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Proc Natl Acad Sci U S A. 2002 Oct 15;99(21):13843-8. Epub 2002 Oct 4.

A dominant block to HIV-1 replication at reverse transcription in simian cells.

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  • 1The Salk Institute for Biological Studies, Infectious Disease Laboratory, 10010 North Torrey Pines Road, La Jolla, CA 92037.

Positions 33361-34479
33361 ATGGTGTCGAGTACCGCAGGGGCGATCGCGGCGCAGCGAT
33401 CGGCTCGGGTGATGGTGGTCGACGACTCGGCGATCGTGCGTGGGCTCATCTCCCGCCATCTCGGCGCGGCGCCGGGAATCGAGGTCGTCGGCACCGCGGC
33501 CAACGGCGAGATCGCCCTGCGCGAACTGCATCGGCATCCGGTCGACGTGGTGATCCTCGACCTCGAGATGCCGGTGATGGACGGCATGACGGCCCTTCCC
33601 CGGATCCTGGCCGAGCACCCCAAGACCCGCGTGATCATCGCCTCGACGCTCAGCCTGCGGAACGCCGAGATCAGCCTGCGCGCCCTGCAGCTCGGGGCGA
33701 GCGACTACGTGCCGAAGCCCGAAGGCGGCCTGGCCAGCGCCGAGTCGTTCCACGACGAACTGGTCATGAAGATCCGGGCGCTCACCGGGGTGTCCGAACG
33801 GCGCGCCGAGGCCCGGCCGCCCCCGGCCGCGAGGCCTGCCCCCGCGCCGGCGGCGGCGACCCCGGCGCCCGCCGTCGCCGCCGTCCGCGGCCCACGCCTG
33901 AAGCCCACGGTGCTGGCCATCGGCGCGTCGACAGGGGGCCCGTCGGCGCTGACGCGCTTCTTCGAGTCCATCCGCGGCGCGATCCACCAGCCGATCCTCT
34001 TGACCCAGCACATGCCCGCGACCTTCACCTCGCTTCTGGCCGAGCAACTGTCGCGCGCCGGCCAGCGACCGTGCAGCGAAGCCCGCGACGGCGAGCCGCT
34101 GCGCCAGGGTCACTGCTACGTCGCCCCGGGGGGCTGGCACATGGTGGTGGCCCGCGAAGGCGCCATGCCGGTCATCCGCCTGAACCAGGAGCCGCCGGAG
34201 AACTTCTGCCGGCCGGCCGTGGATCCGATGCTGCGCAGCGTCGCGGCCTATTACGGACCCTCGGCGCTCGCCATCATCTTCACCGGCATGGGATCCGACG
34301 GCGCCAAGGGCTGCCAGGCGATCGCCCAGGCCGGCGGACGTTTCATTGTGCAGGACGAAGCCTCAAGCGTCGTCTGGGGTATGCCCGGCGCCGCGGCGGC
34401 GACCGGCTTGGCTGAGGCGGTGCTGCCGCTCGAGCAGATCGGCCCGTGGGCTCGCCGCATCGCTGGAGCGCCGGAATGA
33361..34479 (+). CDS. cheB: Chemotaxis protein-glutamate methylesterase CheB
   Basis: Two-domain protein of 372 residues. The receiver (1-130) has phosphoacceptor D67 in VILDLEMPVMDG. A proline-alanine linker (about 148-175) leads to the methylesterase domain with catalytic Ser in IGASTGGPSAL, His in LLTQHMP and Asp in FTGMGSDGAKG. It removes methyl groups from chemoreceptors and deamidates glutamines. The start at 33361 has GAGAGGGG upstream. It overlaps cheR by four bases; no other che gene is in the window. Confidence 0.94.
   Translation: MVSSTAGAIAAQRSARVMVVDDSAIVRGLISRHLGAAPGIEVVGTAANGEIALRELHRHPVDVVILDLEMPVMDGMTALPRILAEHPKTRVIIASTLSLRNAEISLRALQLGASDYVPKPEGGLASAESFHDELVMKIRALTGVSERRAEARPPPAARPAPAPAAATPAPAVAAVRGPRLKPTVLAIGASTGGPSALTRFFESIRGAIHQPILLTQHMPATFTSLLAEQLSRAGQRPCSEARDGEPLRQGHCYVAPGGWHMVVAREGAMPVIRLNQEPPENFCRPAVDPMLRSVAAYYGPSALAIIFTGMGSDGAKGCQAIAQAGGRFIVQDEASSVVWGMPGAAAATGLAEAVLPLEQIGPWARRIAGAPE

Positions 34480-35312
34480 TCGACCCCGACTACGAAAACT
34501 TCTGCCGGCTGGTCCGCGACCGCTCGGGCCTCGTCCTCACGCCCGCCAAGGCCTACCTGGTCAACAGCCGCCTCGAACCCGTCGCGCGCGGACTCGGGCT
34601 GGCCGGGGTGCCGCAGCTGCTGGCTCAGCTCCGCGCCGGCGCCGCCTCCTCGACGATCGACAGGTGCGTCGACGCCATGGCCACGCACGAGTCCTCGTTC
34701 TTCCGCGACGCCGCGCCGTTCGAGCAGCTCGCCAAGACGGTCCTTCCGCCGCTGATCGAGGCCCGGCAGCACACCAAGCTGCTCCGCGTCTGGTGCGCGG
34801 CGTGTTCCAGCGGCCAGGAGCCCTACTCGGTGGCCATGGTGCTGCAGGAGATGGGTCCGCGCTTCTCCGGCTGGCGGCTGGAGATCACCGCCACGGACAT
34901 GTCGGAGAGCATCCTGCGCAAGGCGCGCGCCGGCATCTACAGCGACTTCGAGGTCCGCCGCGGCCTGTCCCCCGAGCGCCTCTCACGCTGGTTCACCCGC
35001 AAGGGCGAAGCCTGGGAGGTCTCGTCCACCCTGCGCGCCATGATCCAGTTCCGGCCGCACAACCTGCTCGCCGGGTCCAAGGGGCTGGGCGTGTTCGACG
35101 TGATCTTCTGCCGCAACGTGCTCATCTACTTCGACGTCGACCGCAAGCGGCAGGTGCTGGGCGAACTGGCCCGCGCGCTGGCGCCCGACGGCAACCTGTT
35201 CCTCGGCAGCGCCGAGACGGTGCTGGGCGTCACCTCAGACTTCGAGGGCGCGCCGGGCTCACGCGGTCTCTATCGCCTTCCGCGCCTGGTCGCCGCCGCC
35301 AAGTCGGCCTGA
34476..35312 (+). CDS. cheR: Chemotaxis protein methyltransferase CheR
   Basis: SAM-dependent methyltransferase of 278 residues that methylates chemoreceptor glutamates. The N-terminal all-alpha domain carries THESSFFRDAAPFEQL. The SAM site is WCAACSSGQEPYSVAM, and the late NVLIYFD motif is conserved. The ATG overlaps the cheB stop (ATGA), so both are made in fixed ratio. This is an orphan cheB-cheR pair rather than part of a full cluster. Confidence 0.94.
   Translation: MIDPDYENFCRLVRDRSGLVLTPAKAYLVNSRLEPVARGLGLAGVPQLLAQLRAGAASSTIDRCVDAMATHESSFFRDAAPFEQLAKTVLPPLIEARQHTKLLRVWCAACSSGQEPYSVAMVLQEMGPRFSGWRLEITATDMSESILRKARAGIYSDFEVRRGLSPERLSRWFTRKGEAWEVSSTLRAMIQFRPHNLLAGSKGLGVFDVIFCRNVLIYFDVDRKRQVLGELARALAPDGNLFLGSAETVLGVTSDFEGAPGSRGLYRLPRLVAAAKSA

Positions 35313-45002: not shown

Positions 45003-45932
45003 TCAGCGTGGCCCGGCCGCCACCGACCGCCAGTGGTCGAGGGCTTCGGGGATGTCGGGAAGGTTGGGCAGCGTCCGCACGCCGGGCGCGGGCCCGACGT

Although nonhuman primates are genetically close to humans, their T cells do not support productive replication of HIV-1. In contrast, HIV-1 replicates in activated human CD4(+) T cells, monocytes, and metabolically active human cells of a variety of cell types become permissive for HIV-1 replication when transduced to express CD4 and CCR5 or CXCR4. The molecular basis of this species restriction to HIV-1 replication was investigated by using African green monkey and rhesus macaque cell lines that were stably transduced to express human CD4 and CCR5. The cells supported replication of cognate viruses [simian immunodeficiency virus from African green monkeys (SIV-AGM) and macaques (SIVmac239)] but did not support replication of an R5-tropic cytopathic HIV-1. A beta-lactamase-based HIV-1 entry assay was used to show that the virus efficiently entered the nonhuman primate cells. Provirus formation was reduced 50-fold compared with similarly infected human cells. Real-time PCR quantitation demonstrated that reverse transcription failed to initiate efficiently in the simian cells. The block to reverse transcription was overridden at multiplicity of infection >1 or by preincubation of the nonhuman primate cells with virus, a feature reminiscent of the Friend virus resistance gene-1 (FV-1), restriction to murine leukemia virus replication in mouse cells. Heterokaryon analysis in which human and simian cells were fused demonstrated that the block was dominant. These findings suggested that the primate cells contain a dominant inhibitor that prevents HIV-1 reverse transcription.

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